LAN IP Range Rule
First time with any kind of actual firewall so please forgive me in advance if terminology is wrong or other obvious mistakes…
As of right now I just have everything blocked on the WAN side/tab. I'm setting up rules on the LAN tab allowing HTTP, email, a few IM services and such. In the DHCP server I set up IP addresses for each MAC address on my LAN with my own little sorting (ie: servers are 10.0.3.x and work stations are 10.0.5.x). I am wanting to make a rule for a IP range, because a file server with IP 10.0.3.x has no reason to access the internet on port 80. On the other hand I very much need/want 10.0.5.x to be able to access the internet on port 80.
Is this possible? TY for reading my question.
Yes, your addressing scheme actually makes it quite easy to do. When you are creating your allow rule for HTTP, set the Source to Network and set it to 10.0.5.0 / 24.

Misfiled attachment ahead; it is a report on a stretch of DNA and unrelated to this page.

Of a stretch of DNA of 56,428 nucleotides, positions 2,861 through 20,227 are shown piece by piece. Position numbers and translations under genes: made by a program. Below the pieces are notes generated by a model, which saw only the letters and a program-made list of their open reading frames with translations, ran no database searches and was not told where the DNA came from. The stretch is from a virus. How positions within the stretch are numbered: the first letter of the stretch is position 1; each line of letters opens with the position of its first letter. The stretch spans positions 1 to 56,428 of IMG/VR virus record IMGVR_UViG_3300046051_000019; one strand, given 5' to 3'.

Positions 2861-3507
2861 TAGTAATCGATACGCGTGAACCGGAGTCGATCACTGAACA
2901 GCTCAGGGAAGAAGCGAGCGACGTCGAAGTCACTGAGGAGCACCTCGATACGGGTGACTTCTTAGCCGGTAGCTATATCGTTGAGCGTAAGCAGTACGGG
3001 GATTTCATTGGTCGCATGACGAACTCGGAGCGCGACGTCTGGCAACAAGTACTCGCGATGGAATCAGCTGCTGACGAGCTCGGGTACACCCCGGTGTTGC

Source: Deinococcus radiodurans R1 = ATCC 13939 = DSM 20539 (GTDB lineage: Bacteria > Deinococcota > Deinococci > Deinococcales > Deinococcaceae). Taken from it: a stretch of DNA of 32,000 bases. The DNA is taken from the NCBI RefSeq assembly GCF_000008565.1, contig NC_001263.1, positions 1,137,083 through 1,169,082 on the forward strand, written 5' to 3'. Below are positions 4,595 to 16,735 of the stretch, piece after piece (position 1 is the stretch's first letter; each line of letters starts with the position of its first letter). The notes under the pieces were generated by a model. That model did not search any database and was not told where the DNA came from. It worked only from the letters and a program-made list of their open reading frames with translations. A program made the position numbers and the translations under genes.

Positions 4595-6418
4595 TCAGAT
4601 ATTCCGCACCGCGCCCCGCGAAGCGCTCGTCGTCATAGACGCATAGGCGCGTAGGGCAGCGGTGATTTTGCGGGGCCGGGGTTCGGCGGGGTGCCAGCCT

The slash 24 indicates only devices that have address that match the first three octets of the address you entered.
That way when a 10.0.3.x address attempts to get online, the traffic wont match that rule and pass down the list to the eventual implicit deny at the end if it doesn't match anymore rules.
Well you answered about 20 of my questions with the " / 24 " part! Now all I wonder is where the actual number 24 comes from? Is there a way to make sure it only matches the first 2 octets or rather what would the / number be?
That's called subnetting and there are a lot of calculators that can help you do it if your not sure how. Just search for a subnet calculator.
Here are a few quick ones.
10.x.x.x would be /8 for the last three octects
10.0.x.x would be /16 for the last two octects
10.0.0.x would be the /24 would be the last octect
Homework for MrVining: what is the subnet if you are given IP 10.0.0.147/26 ?